Referring to A of the liquid crystal molecule shown in the above chemical formula 1, the 6π-electron system ring includes, for example, a benzene ring, furan ring, thiophene ring, pyrrole ring, 2H-pyran ring, 4H-thiopyran ring, pyridine ring, oxazole ring, isoxazole ring, thiazole ring, isothiazole ring, furazane ring, imidazole ring, pyrazole ring, pyrazine ring, pyrimidine ring, pyridazine ring and troboron ring. The 8π-electron system ring includes, for example, a pentalene ring, indene ring, indolizine ring and 4H-quinoline ring. The 10π-electron system ring includes, for example, a naphthalene ring, azulene ring, benzofuran ring, isobenzofuran ring, 1-benzothiophene ring, 2-benzothiophene ring, indole ring, isoindole ring, 2H-chromene ring, 1H-2-benzopyran ring, quinoline ring, isoquinoline ring, 1,8-naphthyridine ring, benzimidazole ring, 1H-indazole ring, benzoxazole ring, benzothiazole ring, quinoxaline ring, quinazoline ring, cinnoline ring, pteridine ring, purine ring and phthalazine ring. The 12π-electron system ring includes, for example, a heptalene ring, biphenylene ring, as-indacin ring, s-indacin ring, acenaphthylene ring, fluorene ring and phenalene ring. The 14π-electron system ring includes, for example, a phenanthrene ring, anthracene ring, carbazole ring, xanthene ring, acridine ring, phenanthridine ring, pyrimidine ring, 1,10-phenanthroline ring, phenazine ring, phenarsazine ring and tetrathiafulvalene ring. The 16π-electron system ring includes, for example, a fluoranthene ring, acephenanthrylene ring, aceanthrylene ring, pyrene ring, thianthrene ring, phenoxathiine ring, phenoxazine ring and phenothiazine ring. The 18π-electron system ring includes, for example, a triphenylene ring, chrysene ring, naphthacene ring and pleiadene ring. The 20π-electron system ring includes, for example, a perylene ring. The 22π-electron system ring includes, for example, a piceine ring, pentaphene ring and pentacene ring. The 24π-electron system ring includes, for example, a tetraphenylene ring and coronene ring. The 26π-electron system ring includes, for example, a hexaphene ring, hexacene ring and rubicene ring.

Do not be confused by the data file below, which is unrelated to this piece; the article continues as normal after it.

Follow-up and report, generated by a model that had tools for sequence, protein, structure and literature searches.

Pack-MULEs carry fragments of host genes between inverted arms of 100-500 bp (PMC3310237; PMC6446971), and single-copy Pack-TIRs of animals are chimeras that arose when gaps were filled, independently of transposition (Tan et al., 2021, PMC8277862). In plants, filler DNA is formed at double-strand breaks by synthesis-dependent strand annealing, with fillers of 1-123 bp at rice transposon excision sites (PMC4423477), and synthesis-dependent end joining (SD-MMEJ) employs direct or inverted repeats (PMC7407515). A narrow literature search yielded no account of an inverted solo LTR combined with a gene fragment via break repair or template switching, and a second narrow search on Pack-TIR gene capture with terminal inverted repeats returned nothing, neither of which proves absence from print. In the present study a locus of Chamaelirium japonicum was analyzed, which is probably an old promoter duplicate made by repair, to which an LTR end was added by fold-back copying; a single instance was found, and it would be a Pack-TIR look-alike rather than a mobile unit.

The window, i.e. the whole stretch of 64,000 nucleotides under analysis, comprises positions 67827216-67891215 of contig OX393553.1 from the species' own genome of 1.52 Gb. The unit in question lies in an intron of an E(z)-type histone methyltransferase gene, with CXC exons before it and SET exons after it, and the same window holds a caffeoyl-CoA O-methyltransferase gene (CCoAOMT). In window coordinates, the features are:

As such skeletal structure having these electron system ring in a part of the structure, structures shown in the following chemical formulae 2 to 36 can be listed for examples.

R1 in the above chemical formulae 2 to 36 represents a divalent structure shown in the chemical formula 37 below, which is a linking group for linking with another skeleton. When a plurality of R1s are present in these liquid crystal molecules, the R1s may be the same or different. R1 may not be present in the liquid crystal molecules. R2 in the above chemical formulae 2 to 36 represents a functional group shown in the chemical formula 38 below. When a plurality of R2s are present in these liquid crystal molecules, the R2s may be the same or different. X in the above chemical formulae 2 to 36 represents CH or N, and Y in the above chemical formulae 2 to 36 represents S or O.

B and B′ in the above chemical formula 1 is a chain structure with high flexibility or a functional group such as hydrogen and halogen. The chain structure with high flexibility is basically a linear alkyl chain or branched alkyl chain, and this alkyl chain may contain a structure selected from the group of 39 divalent structures shown in the chemical formula 37 below. The chain structure with high flexibility may be consisting of structures selected from the group of 39 divalent structures shown in the chemical formula 37 below. In this case, the chain structure with high flexibility may be composed of one structure selected from the group, or may be composed of a plurality of structures, which are selected from the group, linked in a linear or branched form. These chain structures with high flexibility may have a functional group selected from the group of 21 functional groups illustrated as substitutional groups in the chemical formula 38 below. In cases in which B and B′ in the above chemical formula 1 do not have the chain structure with high flexibility, they will be one of the 21 functional groups shown in the chemical formula 38 below.

R in the above chemical formula 38 represents linear or branched alkyl group of 1 to 40 carbon atoms.